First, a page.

Tuesday, April 28, 2015

More Oshkosh Buildings, Part Four

Mr. Waters continued to get commissions for commercial structures and the Oshkosh business district extending well beyond Main Street. For blocks on either side of Main there were hotels, warehouses, train depots and offices.  Algoma Blvd. for one was lined with the buildings of fraternal organizations, churches, warehouses and an empty lot or two.  In 1889 Moses Hooper had William Waters draw plans for an office building to be built on the north side of Algoma just past the Beckwith House.  It was to be constructed of local limestone, two stories high with an ample basement. Attorney Hooper had hired Waters seven years earlier to plans his residence next to the Normal School further up Algoma Blvd. That building too was of limestone and stands to this day as does the Algoma Building.
Moses Hooper, a very successful lawyer was born in Massachusetts, studied law there and came west in 1857 settling in Neenah and later moved to Oshkosh.  He made his reputation dealing with water rights, was also Kimberly Clark's business attorney and his office occupied one of the many in the Algoma Building.  Just south of the Algoma Building, on Monument Square was another Waters' building. My research has not reviled for whom or what year it was built or the building's early occupants.  In a photograph from the 1920's an F. W. Woolworth sign hung above the door.  It was no doubt the back entrance to the store for at the time of the photo Woolworth's had a Main Street address.  
The building was of classic William Waters styling: constructed in the two store front template, of cream colored brick with limestone trim and lintels.  Above the second floor windows were two pseudo gables trimmed with limestone and each holding a set of small triplet windows.  The building was demolished many years ago.   Another Waters building was just on the other side of Main Street at number 11 Waugoo Avenue.  According to the state historical society the building was built in 1891 with an addition in 1894.  It's first tenants were the North Pacific Express Company and Eagle Portrait Company.  There was no information as to who commissioned the building.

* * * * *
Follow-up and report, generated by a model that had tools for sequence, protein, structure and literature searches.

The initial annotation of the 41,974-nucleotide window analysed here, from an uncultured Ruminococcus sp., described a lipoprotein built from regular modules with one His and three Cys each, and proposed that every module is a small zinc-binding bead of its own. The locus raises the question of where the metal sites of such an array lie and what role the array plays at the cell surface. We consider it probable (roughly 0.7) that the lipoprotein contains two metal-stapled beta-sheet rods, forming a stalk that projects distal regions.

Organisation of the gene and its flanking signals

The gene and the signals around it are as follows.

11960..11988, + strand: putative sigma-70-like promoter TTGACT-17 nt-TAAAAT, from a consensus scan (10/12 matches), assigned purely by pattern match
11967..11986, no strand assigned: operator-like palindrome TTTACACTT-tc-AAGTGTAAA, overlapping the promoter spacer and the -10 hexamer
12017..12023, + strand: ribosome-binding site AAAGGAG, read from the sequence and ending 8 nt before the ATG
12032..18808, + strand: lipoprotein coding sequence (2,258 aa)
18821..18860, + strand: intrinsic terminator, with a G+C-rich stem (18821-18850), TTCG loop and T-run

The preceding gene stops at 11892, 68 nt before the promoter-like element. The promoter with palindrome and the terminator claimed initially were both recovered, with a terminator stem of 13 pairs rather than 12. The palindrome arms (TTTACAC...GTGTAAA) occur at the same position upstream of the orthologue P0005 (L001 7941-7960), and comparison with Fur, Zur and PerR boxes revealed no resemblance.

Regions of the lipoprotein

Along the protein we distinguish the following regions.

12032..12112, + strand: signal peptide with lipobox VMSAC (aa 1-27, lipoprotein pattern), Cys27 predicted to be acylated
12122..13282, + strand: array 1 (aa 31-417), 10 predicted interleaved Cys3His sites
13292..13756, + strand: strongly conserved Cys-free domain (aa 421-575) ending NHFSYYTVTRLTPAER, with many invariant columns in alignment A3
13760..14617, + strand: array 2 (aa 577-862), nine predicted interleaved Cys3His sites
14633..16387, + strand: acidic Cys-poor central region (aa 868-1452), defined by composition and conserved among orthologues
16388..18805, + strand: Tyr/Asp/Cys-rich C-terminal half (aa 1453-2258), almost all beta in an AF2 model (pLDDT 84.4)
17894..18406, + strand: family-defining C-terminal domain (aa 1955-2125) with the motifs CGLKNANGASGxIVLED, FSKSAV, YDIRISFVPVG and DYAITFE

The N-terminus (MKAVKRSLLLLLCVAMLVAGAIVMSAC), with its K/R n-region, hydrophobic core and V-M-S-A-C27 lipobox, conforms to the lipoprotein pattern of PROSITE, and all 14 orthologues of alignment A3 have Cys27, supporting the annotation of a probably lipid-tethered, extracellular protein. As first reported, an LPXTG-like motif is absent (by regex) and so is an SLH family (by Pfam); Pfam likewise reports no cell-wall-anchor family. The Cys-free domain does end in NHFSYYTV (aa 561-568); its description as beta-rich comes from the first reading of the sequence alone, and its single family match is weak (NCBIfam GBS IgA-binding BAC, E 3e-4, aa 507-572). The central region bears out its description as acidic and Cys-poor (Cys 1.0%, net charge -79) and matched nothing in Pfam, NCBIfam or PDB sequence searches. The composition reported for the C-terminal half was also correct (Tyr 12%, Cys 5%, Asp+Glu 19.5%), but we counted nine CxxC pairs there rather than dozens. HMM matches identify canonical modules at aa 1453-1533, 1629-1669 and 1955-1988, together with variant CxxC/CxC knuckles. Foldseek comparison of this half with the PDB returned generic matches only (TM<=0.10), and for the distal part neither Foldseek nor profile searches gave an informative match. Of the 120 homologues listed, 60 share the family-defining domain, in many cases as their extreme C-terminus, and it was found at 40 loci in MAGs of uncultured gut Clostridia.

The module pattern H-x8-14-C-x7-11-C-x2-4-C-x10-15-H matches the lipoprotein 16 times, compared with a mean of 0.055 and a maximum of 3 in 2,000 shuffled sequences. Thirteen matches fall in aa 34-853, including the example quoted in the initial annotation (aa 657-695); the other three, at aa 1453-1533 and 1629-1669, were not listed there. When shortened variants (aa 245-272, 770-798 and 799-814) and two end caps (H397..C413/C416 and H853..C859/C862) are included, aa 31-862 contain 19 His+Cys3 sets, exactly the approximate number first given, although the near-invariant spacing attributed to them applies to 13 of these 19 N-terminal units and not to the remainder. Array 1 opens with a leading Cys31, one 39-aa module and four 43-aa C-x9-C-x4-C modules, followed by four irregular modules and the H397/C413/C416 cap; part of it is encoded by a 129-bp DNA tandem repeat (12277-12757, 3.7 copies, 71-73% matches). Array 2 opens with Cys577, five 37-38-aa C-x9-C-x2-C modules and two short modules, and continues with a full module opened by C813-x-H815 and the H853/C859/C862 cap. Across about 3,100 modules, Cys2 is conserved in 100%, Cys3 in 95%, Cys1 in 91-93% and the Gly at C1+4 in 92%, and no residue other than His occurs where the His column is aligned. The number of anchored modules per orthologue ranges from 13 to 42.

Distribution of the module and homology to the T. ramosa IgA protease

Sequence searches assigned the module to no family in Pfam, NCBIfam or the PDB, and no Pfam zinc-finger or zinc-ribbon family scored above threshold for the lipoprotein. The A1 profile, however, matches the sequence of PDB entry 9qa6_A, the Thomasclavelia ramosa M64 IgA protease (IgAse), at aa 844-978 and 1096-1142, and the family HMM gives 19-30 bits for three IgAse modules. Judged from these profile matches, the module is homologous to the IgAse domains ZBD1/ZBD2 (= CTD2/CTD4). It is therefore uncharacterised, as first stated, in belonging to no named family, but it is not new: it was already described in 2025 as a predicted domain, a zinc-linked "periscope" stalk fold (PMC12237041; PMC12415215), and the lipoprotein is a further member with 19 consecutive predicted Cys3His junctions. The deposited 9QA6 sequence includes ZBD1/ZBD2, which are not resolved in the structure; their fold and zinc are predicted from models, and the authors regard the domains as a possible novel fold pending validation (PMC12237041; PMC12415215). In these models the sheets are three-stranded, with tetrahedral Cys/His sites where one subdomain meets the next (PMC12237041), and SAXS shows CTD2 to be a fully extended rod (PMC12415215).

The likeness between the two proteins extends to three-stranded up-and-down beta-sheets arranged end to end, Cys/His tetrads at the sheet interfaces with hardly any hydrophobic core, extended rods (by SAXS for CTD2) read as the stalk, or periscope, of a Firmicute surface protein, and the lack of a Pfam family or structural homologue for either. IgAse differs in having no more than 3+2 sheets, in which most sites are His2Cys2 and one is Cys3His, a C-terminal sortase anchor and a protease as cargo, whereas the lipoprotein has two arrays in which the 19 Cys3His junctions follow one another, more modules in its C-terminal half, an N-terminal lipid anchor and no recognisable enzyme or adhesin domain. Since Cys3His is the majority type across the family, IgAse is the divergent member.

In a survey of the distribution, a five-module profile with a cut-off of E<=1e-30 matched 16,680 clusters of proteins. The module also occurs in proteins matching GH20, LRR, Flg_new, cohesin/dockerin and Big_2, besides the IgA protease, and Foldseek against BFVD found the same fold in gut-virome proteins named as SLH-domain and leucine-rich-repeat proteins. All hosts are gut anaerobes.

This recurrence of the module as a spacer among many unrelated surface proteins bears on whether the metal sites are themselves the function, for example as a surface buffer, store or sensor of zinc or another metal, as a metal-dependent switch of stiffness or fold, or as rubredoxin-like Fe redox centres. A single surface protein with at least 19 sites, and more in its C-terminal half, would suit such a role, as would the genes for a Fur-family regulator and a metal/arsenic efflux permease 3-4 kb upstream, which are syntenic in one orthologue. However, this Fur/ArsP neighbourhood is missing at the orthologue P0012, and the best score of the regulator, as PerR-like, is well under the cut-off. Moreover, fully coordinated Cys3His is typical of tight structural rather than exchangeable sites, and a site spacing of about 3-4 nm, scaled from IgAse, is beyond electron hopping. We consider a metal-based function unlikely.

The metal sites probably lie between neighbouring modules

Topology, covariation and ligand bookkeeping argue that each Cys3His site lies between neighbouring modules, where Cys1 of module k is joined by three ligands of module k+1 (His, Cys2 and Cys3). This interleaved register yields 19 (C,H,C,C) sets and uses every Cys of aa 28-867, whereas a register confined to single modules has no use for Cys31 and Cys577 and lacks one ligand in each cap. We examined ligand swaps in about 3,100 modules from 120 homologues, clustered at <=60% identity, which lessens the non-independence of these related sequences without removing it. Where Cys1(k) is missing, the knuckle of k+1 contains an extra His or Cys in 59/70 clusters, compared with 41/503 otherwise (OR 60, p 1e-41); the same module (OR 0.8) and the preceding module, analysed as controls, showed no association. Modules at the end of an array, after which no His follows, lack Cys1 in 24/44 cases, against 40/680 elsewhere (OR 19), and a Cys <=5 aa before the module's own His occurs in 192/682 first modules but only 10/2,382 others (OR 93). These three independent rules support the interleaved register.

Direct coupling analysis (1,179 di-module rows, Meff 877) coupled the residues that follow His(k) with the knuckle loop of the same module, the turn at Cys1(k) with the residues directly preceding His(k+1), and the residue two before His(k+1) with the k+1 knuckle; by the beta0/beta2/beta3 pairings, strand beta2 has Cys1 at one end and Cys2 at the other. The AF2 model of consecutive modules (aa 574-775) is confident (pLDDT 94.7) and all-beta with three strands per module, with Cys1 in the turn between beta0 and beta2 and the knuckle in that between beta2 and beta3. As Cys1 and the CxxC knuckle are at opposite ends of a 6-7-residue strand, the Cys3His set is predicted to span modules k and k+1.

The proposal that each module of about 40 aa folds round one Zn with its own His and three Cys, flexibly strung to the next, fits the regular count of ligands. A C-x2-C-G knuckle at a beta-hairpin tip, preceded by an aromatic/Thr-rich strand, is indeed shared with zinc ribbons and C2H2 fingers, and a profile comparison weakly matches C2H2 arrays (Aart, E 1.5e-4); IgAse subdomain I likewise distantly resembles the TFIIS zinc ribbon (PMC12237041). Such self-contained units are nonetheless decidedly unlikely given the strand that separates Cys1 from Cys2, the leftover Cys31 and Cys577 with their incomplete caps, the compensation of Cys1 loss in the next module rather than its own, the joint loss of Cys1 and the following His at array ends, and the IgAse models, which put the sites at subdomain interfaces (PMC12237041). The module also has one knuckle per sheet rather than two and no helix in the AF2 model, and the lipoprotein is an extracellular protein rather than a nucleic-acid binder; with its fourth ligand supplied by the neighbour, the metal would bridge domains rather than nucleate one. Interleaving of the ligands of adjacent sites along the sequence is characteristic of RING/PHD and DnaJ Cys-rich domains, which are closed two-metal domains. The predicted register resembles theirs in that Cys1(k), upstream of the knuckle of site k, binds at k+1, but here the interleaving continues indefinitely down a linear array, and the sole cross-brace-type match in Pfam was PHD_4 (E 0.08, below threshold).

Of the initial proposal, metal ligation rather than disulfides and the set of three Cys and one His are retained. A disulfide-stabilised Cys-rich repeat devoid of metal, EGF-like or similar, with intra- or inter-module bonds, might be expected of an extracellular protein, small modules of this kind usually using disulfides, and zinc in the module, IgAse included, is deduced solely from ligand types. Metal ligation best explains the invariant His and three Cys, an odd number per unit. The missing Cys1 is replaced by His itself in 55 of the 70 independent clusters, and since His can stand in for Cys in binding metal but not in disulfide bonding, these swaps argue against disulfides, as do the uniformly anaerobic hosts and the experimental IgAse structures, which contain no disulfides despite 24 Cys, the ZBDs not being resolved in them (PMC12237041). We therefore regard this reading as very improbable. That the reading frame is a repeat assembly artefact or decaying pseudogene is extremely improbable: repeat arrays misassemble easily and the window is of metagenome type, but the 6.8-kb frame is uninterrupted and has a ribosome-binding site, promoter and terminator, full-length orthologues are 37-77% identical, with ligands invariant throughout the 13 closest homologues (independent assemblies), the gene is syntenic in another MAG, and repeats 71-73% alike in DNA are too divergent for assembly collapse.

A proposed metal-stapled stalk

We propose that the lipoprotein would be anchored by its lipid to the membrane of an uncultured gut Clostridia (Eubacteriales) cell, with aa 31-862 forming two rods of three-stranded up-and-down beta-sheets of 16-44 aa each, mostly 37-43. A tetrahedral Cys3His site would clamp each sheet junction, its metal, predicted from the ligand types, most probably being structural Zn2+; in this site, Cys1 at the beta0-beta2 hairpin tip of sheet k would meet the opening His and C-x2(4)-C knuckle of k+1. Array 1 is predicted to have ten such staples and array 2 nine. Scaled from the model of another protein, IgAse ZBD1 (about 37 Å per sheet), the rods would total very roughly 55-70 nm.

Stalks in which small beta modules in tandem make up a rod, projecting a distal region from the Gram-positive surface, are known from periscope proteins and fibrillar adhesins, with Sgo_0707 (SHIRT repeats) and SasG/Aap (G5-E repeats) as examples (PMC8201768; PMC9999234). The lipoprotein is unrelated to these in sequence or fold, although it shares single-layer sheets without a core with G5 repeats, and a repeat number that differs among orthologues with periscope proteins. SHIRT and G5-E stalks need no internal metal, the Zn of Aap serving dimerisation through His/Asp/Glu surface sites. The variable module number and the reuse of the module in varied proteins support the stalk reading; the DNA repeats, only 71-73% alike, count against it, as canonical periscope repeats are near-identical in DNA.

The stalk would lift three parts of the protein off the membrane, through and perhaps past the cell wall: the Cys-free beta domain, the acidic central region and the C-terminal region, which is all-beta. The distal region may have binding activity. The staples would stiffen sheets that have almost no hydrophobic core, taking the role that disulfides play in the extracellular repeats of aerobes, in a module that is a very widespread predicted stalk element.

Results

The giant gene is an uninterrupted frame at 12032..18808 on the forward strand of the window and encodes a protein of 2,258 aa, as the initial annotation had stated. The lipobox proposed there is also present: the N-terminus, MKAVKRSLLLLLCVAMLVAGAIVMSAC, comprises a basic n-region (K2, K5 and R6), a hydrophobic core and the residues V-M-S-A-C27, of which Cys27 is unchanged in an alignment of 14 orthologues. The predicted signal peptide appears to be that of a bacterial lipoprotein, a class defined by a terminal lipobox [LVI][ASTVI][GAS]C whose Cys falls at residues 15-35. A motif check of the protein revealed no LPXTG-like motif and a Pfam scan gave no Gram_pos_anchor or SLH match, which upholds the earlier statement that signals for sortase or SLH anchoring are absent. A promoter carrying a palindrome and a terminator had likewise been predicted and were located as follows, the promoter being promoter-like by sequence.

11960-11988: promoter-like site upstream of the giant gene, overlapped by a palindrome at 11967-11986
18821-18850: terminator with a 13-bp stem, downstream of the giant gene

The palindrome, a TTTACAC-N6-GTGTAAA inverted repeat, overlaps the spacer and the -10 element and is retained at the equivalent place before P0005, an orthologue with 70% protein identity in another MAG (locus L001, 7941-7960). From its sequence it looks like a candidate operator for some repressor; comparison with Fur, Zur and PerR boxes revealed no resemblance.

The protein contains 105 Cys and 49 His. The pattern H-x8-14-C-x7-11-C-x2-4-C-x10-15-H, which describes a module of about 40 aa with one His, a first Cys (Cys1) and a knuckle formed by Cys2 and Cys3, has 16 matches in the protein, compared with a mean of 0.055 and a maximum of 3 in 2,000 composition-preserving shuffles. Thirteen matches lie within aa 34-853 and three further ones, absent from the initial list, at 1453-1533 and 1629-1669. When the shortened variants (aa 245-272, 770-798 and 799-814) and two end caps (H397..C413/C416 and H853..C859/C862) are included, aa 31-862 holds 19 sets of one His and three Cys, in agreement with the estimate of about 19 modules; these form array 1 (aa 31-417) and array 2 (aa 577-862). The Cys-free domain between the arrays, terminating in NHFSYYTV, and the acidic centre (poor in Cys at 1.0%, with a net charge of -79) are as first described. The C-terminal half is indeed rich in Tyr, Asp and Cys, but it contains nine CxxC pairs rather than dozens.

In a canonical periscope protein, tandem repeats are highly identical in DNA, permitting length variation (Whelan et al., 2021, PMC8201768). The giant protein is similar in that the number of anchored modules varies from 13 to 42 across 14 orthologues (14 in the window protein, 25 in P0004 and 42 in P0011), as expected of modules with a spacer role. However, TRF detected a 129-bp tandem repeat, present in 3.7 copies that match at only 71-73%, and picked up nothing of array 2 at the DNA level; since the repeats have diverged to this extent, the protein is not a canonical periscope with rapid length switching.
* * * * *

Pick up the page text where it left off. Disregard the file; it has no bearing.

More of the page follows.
Mr. Waters employed the two store front and central stairway arrangement that had proved so effective.  The building was built of cream colored brick with accents of dark brick.  Along the top of the building was a cornice of alternating stepped out courses, just below the cornice was some intricate brickwork.  A stack of three bricks was as long as one brick, using that ratio Waters created a basket weave effect by placing a dark brick between two cream colored and alternated them vertically and horizontally.  For many years the fancy brickwork was hidden under several coats of paint but was recently cleaned away.      

1 comment:

  1. I am working on a project with the City of Oshkosh, and I was wondering if you might be able to help me locate some information. Please email me. AFrederick@ci.oshkosh.wi.us